Keywords: Optimization, predict-then-optimize, decision-focused learning, differentiable optimization, reinforcement learning, MDP, low-rank approximation, Woodbury matrix identity, KKT conditions, optimality conditions, sequential decision problems
TL;DR: We extend decision-focused learning to MDPs with missing parameters. The key novelty is to approximate Hessian to address the high computational cost of differentiating through MDP layers, which arises from large state-action and policy spaces.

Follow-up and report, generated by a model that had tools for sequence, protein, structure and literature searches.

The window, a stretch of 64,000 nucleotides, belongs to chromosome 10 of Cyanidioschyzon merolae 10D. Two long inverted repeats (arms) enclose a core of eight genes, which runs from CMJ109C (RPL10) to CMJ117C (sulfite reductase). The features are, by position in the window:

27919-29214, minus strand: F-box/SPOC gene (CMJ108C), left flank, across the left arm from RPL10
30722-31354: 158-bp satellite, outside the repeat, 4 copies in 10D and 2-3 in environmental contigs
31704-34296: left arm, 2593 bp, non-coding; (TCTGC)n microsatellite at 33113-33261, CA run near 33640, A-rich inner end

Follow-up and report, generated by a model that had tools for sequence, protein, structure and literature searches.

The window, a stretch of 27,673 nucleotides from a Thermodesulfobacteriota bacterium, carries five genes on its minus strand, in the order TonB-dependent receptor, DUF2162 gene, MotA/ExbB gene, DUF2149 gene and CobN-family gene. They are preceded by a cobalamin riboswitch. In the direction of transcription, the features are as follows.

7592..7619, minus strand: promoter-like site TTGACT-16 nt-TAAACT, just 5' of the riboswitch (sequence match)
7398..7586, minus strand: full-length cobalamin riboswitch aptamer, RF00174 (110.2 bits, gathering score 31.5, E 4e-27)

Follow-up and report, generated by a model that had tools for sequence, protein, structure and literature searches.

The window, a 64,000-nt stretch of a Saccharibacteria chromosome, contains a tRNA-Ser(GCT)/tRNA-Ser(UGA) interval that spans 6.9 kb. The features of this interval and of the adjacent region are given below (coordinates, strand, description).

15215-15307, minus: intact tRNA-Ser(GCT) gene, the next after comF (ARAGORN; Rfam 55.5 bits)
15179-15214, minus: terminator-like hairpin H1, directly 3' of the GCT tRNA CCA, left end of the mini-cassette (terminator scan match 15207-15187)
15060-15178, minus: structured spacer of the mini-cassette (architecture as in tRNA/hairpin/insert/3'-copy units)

Abstract: In the predict-then-optimize framework, the objective is to train a predictive model, mapping from environment features to parameters of an optimization problem, which maximizes decision quality when the optimization is subsequently solved. Recent work on decision-focused learning shows that embedding the optimization problem in the training pipeline can improve decision quality and help generalize better to unseen tasks compared to relying on an intermediate loss function for evaluating prediction quality. We study the predict-then-optimize framework in the context of sequential decision problems (formulated as MDPs) that are solved via reinforcement learning. In particular, we are given environment features and a set of trajectories from training MDPs, which we use to train a predictive model that generalizes to unseen test MDPs without trajectories. Two significant computational challenges arise in applying decision-focused learning to MDPs: (i) large state and action spaces make it infeasible for existing techniques to differentiate through MDP problems, and (ii) the high-dimensional policy space, as parameterized by a neural network, makes differentiating through a policy expensive. We resolve the first challenge by sampling provably unbiased derivatives to approximate and differentiate through optimality conditions, and the second challenge by using a low-rank approximation to the high-dimensional sample-based derivatives. We implement both Bellman-based and policy gradient-based decision-focused learning on three different MDP problems with missing parameters, and show that decision-focused learning performs better in generalization to unseen tasks.
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